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Self-reported health status and disease-specific quality of life one year after treatment for peripheral arterial disease in clinical practice

Abstract

Background

VascuQoL-6 (VQ-6) is a disease-specific quality of life (QoL) instrument validated for use in clinical practice and vascular registries before and after treatment for peripheral arterial disease (PAD). To improve future interpretation of self-reported outcome, an unselected cohort was followed through one year to provide observational data after both conservative and invasive treatment.

Methods

Consecutive patients with intermittent claudication (IC) or critical limb ischemia (CLI) were included. All patients completed VQ-6 and Short Form-36 (SF-36), and were evaluated with ankle-brachial index (ABI) measurement pre- and post-exercise, a constant load treadmill test and clinical consultation at baseline and after one year. Change statistics and correlation analysis were used to describe self-reported outcome after conservative and invasive treatment for PAD.

Results

One hundred seventy-one patients with peripheral arterial disease (PAD) were included, 70 (41%) female. 147 (86%) of the patients suffered from IC. 136 (80%) patients had one-year follow up, death, amputation and withdrawal were the major causes of loss to follow-up. Forty-eight patients (35%) evaluated their health to be unchanged compared to one year ago. There was a strong correlation between self-reported general health status based on SF-36 item 2 and VQ-6 summary score (Spearmans rho = − 0.536). Patients admitted to invasive intervention (endovascular or surgery) improved in all domains of SF-36, and in the physical component summary score (SF-36 PCS). Patients admitted to best medical treatment, smoking cessation and walking exercise (conservative group) improved only in the physical domains. There was significant improvement in VQ-6 summary score for both groups, mean 2.20 (95%CI 1.14–3.27) in the conservative group, 4.68 (95%CI 3.67–5.70) in the invasive group. VQ-6 sum score improved more than four points for 56% in the invasive group, 36% in the conservative group.

Conclusions

Treatment for symptomatic PAD, both invasive and conservative, improves self-reported health status and disease specific QoL after one year. Interpretation of patient-reported outcome measured with VQ-6 after surgery or endovascular treatment must be seen in light of the improvement from conservative treatment alone.

Trial registration

ISRCTN14846962 (retrospectively registered).

Background

Patient reported outcome measures (PROMS), such as self-reported health status and disease-specific quality of life (QoL), are regarded as important and valuable outcome variables after treatment for peripheral arterial disease (PAD), supplementing the clinical evaluation and evaluation of peripheral arterial pressure measurements and walking tests [1]. For patients with intermittent claudication, self-reported outcome measures can capture improvement beyond clinical testing.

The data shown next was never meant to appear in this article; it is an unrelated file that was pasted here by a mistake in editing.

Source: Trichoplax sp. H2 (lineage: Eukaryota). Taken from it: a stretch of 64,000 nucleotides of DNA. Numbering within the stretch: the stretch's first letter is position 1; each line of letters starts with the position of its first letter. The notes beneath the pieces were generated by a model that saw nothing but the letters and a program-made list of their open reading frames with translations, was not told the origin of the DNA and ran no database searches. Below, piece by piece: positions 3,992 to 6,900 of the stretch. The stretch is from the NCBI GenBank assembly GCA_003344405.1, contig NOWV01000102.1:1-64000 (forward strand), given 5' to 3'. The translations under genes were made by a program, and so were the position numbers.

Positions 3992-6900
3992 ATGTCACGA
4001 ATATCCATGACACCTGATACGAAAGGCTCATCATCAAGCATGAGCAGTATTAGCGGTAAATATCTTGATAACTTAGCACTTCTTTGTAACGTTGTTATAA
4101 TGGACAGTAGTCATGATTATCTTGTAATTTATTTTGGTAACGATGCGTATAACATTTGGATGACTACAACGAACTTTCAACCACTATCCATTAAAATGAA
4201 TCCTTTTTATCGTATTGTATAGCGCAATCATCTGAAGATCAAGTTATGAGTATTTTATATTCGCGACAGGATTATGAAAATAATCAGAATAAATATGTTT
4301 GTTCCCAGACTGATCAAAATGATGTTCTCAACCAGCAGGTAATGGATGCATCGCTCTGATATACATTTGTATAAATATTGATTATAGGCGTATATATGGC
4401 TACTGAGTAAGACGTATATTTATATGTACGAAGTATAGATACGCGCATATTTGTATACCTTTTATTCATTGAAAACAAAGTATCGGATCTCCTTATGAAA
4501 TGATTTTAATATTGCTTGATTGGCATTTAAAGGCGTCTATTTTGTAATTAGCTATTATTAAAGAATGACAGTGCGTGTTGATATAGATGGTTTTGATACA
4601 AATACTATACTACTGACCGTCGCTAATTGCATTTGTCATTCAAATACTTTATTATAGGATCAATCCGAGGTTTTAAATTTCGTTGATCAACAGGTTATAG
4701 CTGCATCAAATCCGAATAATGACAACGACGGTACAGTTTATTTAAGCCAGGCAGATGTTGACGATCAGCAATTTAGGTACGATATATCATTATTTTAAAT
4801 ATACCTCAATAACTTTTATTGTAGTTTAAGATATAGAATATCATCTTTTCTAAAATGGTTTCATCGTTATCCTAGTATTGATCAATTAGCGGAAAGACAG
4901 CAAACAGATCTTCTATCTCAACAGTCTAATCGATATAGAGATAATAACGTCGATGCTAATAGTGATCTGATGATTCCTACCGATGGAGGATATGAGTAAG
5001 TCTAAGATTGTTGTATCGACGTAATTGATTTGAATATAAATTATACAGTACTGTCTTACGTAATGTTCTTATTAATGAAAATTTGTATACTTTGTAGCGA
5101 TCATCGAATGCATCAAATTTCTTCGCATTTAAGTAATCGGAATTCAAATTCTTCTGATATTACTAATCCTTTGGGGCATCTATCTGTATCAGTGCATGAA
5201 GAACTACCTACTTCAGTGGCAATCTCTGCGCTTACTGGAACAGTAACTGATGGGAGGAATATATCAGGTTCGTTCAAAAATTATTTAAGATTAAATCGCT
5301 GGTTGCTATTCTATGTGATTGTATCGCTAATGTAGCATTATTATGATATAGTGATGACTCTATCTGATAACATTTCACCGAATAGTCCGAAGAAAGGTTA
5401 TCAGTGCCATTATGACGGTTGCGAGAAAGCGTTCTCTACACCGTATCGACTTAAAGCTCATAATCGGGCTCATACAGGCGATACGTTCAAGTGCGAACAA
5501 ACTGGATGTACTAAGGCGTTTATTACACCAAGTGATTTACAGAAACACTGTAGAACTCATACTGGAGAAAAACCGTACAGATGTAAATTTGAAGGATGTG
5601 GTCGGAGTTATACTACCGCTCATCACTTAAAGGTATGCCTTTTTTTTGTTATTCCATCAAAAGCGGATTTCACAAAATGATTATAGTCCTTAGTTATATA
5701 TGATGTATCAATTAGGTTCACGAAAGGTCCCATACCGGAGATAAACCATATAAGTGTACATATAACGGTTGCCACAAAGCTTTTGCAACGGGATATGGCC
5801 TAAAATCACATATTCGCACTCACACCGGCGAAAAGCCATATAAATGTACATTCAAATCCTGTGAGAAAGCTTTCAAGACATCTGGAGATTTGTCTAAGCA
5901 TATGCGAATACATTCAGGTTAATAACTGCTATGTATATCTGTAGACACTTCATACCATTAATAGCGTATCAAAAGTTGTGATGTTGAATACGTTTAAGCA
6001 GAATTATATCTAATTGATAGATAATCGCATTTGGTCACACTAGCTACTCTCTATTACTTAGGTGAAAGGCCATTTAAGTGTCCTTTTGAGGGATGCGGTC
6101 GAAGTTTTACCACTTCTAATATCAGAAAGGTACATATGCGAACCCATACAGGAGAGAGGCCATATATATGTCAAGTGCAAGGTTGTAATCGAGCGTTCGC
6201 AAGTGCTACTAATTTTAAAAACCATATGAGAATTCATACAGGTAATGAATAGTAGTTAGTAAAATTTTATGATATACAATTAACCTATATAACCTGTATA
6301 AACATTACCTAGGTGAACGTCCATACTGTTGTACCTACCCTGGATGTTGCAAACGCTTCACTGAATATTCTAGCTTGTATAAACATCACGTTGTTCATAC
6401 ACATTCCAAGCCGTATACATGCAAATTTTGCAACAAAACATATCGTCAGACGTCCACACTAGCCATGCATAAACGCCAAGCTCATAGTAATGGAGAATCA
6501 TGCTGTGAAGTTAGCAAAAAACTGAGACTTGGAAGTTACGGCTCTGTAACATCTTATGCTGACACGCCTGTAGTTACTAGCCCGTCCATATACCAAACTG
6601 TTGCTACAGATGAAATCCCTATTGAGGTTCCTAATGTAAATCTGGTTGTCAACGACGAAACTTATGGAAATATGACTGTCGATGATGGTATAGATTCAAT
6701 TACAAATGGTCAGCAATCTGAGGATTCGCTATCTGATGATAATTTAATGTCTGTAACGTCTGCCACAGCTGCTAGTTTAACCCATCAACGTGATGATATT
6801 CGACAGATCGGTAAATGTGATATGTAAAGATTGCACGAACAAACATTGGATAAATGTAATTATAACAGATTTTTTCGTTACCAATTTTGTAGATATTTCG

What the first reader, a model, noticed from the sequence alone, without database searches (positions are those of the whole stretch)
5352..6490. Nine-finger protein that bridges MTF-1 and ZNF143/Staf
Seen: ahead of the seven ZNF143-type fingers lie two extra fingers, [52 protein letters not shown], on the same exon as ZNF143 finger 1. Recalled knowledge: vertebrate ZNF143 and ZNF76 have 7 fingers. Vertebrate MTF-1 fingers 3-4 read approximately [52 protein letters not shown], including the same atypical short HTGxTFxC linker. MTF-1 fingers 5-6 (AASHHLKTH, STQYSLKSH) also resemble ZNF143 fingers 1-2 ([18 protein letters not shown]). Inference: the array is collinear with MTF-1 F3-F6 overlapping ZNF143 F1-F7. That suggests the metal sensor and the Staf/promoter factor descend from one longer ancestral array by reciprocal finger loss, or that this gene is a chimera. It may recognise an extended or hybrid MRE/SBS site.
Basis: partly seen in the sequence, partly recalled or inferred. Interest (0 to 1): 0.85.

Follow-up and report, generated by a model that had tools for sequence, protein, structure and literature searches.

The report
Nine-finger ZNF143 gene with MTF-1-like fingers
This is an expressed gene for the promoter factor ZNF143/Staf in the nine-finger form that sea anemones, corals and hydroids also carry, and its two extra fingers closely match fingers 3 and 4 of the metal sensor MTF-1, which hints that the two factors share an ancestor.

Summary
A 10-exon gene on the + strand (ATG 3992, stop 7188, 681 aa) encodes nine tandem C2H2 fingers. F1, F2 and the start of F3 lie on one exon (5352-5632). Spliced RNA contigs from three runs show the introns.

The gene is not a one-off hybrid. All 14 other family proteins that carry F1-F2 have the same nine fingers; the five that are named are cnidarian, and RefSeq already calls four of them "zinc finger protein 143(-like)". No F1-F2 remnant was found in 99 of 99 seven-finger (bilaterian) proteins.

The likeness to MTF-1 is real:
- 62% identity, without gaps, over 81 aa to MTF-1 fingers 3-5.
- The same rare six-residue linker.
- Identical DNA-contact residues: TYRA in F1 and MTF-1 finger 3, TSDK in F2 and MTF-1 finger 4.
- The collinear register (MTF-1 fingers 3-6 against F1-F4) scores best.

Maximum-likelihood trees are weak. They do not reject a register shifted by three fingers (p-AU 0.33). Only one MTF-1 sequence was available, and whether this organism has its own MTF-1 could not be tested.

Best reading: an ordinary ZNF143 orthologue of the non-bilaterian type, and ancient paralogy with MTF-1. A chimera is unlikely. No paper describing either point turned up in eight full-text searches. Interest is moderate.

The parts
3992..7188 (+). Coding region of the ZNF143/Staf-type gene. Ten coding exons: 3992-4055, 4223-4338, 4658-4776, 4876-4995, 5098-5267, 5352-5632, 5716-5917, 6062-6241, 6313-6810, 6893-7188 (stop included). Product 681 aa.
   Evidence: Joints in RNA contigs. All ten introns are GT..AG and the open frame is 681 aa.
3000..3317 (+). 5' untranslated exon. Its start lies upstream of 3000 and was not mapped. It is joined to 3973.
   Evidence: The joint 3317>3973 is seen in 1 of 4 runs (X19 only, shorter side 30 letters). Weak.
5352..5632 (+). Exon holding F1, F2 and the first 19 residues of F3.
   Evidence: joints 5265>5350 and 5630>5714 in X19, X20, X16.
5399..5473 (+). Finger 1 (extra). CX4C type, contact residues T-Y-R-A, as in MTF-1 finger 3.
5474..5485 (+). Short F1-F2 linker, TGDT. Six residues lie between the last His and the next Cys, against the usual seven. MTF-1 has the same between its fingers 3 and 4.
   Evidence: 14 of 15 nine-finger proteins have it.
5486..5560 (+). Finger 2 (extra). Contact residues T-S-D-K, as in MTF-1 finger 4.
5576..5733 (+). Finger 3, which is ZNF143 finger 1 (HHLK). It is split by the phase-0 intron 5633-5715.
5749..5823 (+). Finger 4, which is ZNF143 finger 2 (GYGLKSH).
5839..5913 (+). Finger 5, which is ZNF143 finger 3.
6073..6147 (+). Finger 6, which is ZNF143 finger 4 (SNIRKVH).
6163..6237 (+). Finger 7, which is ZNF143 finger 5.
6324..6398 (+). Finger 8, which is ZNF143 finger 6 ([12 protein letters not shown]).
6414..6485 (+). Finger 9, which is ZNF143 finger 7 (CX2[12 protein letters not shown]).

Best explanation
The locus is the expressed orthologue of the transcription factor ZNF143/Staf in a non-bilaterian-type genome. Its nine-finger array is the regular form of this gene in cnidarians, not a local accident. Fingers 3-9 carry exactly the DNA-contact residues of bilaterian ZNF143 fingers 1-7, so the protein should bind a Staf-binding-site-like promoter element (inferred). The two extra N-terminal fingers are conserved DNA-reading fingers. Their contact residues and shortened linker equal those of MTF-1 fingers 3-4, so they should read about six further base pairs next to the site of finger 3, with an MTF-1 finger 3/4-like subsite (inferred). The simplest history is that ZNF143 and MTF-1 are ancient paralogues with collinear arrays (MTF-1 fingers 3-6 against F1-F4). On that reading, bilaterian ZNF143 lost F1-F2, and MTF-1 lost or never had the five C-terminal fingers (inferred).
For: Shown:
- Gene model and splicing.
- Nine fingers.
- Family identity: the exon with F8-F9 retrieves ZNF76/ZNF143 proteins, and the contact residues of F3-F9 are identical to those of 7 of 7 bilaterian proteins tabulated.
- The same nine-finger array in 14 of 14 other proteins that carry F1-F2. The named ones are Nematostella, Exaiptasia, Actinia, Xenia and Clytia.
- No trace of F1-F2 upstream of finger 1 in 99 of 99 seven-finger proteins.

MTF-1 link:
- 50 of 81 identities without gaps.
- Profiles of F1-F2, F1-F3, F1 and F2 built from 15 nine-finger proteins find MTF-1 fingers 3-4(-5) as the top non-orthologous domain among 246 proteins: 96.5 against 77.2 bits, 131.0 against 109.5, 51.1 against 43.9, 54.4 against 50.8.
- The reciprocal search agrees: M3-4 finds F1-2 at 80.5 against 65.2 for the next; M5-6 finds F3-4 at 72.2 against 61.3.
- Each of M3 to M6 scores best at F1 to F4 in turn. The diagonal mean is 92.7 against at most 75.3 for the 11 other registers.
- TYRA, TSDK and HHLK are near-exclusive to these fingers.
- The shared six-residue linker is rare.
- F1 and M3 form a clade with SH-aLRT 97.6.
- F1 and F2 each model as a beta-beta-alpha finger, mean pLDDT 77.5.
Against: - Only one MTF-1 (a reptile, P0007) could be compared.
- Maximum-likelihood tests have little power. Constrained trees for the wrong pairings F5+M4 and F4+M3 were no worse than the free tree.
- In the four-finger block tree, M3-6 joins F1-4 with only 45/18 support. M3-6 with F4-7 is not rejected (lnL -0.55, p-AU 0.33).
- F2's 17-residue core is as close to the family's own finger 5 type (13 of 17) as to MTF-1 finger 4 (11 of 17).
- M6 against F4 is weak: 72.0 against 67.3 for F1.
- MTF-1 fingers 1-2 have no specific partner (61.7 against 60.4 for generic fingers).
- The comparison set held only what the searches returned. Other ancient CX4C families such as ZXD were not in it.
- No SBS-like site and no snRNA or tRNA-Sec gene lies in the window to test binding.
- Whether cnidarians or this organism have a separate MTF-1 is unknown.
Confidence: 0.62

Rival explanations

VascuQoL-6 (VQ-6) is a short version of the disease-specific quality of life instrument VascuQoL-25 [2, 3], intended both for intermittent claudication (IC) and critical limb ischemia (CLI). VascuQoL-6 was found to be valid, reliable and responsive to change [4]. The VascuQoL-6 study aimed both to validate the VQ-6-instrument based on registrations at baseline and after 4 weeks, and to investigate the development in self-reported health status, measured with SF-36, and disease-specific QoL, measured with VQ-6, after one year for consecutive patients treated for peripheral arterial disease in clinical practice.

Self-reported health status (SF-36) of PAD patients are substantially reduced at baseline compared to healthy people in the same age group, but show improvement after both invasive (endovascular/surgery) and conservative treatment [4, 5]. In order to improve interpretation of future self-reported outcome measured with VQ-6 from procedural registries in vascular surgery, the validation study cohort was followed through a year as an observational study. There is a lack of knowledge of how QoL measured with VQ-6 change for patients who receive conservative treatment with best medical treatment (BMT), smoking cessation advice and walking exercise.

Purpose

The aim of this study was to investigate change in self-reported health status measured with SF-36 and VQ-6 one year after treatment for PAD, in an unselected population of conservatively and invasively treated patients.

Methods

Inclusion and exclusion

Consecutive patients with new referral for evaluation of peripheral arterial disease (IC or CLI) at the vascular surgery department at two different hospitals were invited to participate in the VascuQol-6 study, based on the information given by the referring physician. The inclusion period ran from August 2014 to August 2015. Inclusion, exclusion and follow-up of patients are described in detail in a previously published paper [4], and summarized in Fig. 1.

Fig. 1
figure1

Inclusion and exclusion of patients in the VascuQoL-6 study. PAD –Peripheral arterial disease, IC-intermittent claudication, CLI –critical limb ischemia

Patients received written information about the study and the two questionnaires, VQ-6 and SF-36, by mail before the scheduled appointment at the outpatient clinic. The questionnaires were not available to the treating physician.

Work up